25 mai 2023 | International, C4ISR

US Army receives mixed signals from industry on ‘radio as a service’

The Army has hundreds of thousands of radios — too many to quickly and cost-effectively modernize given security deadlines and international competition.

https://www.c4isrnet.com/battlefield-tech/c2-comms/2023/05/25/us-army-receives-mixed-signals-from-industry-on-radio-as-a-service/

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  • COVID-19 is changing the Air Force’s cyber training

    29 juillet 2020 | International, C4ISR, Sécurité

    COVID-19 is changing the Air Force’s cyber training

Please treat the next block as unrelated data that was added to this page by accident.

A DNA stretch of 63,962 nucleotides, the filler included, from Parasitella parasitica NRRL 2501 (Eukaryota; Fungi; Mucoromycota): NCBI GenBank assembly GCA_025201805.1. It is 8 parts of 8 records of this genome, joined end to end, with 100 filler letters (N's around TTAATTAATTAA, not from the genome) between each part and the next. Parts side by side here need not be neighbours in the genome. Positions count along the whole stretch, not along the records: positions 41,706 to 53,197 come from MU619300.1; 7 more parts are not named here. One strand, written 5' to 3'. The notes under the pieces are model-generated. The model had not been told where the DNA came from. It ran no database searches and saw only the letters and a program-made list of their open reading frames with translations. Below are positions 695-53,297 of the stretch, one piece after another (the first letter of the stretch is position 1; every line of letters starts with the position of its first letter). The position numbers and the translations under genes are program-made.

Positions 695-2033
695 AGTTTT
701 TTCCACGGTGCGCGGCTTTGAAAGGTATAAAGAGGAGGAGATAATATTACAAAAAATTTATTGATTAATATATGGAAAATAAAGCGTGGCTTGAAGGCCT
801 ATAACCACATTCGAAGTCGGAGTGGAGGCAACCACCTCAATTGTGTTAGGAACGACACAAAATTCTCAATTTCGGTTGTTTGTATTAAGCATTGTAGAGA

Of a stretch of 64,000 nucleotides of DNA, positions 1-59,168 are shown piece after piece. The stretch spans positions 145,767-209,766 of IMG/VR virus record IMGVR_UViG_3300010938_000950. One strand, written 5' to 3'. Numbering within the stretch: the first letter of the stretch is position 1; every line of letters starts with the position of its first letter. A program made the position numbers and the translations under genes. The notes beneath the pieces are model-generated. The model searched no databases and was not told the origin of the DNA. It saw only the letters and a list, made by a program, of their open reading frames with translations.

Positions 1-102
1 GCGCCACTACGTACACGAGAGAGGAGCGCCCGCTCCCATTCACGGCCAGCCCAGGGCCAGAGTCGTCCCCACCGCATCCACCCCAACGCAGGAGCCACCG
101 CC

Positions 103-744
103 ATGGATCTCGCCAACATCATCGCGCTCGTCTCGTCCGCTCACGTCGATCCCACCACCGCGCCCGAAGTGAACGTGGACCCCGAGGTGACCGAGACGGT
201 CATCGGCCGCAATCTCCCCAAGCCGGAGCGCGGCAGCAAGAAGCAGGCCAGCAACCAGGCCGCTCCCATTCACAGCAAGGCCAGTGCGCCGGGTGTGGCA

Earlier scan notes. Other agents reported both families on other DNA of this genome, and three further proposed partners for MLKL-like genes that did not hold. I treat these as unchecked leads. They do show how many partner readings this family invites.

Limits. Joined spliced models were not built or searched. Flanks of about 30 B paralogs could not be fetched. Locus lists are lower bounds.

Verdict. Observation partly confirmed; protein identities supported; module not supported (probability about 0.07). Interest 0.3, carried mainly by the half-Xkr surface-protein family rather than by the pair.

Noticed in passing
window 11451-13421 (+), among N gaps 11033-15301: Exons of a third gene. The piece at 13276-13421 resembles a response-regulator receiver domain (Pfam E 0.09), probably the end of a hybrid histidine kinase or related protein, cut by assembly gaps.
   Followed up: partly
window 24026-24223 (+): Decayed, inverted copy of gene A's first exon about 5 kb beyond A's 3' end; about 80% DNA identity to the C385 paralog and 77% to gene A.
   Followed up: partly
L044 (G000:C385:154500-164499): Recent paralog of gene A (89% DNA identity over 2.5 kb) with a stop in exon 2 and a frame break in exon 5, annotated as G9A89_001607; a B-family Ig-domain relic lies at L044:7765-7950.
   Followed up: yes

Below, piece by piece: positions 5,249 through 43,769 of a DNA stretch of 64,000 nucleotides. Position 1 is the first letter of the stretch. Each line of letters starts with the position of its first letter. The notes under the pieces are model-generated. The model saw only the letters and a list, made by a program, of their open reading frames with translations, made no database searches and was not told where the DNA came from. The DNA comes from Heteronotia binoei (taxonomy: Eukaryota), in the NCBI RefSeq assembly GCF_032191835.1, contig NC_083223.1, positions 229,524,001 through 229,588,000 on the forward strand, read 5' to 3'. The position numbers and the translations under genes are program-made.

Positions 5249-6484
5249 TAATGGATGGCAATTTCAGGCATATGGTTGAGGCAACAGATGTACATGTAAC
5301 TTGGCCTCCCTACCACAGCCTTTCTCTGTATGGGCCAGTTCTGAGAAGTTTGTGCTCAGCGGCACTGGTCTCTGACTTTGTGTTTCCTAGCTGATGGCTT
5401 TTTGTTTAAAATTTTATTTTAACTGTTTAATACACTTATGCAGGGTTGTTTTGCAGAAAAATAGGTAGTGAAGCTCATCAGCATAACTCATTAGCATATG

Mark Pomerleau WASHINGTON — The Air Force is ensuring its mission essential cyber training goes on during the global COVID-19 pandemic but officials are also delaying some training related to the service's networks. “When all this kicked off, we prioritized all of the mission essential courses that are supplying operators to the cyber mission force. We wanted to make sure that those units continue to get the trained operations that they needed so that their readiness levels didn't suffer,” Lt. Col. Jonathan Williams, commander of the 39th Information Operations Squadron, which provides intermediate cyber weapons system training to airmen, told C4ISRNET. The cyber mission force are the teams each of the services provide up to U.S. Cyber Command. In addition to training cyber mission force personnel, the 39th IOS also trains specific weapon systems for the Air Force network (AFNET), which were either postponed or reduced class size to ensure students are safe. The reduction in those Air Force specific courses have allowed the mission essential courses to reduce in person class sizes for classified work that can't be done remotely to ensure the proper social distancing measures are taken. To learn outside the classroom, the schoolhouse is relying on a partnership with Carnegie Mellon for an entirely online cyberspace fundamentals course, Microsoft Teams and WebEx. Students also don't have to necessarily travel to the 39th in Hurlburt Field, Florida for some training. They can remotely take courses such as the cyber fundamentals course online saving money for temporary duty travel. Williams said he expects to see more of that in the future. The remote tools have also allowed students to gain a unique experience with members of the operational force, while simultaneously saving the taxpayer money. Students are able to hear from operational commanders and operators and even participate in exercises with units. Previously, the students would have to travel to those units to participate, but now, they can dial in. “That helps us in the classroom hit it home. We get those war stories to use in the classroom and the students actually, those light bulbs start to turn on and it really starts to hit home,” TSgt Jonathan Zinski, a course instructor, said. “Now that we have more of an eye-opening capability to use some of our virtual tools, we've actually been able to enroll and participate an entire team of instructors and cadre here at the 39th IOS to participate in a no-kidding virtual exercise with an operational unit to not only hone our skills and help some of our instructors here bring the lessons learned into the classroom but to also help the operational units from our standpoint and help them get better at their jobs.” This experience also gives the students a flavor of what to expect at their units prior to arriving. Officials explained that while the actual courseware didn't change, the schoolhouse shifted the courseware and maneuvered the syllabus to accommodate students doing a combination of distance learning and in person classes. They looked at what courses needed to be conducted in person, then worked around that to ensure the class sizes were small enough while supplementing with remote learning tools. The pandemic has also accelerated certain initiatives the school planned to undertake at a later date. Williams said one includes combining cyber mission force and AFNET defensive cyber training. He said they are re-imagining the defensive cyber training pipeline with something they're calling defensive cyber operations initial qualification training. “Instead of creating a blanket training for each of these weapon systems, we're trying to integrate the AFNET systems with the CMF where it makes sense and also tailor the training,” he said, noting this should be up and running in October regardless of COVID-19. This re-imagining was always planned, but Williams said COVID accelerated it. The adaptations the 39th has been forced to make as a result of the pandemic has rendered some valuable lessons as well. Williams said some initiatives never would have been considered if the pandemic didn't hit. He explained officials are turning a conference room into a recording studio so instructors can either deliver training to students in a separate room or record lectures for students to view later. https://www.c4isrnet.com/cyber/2020/07/27/covid-19-is-changing-the-air-forces-cyber-training/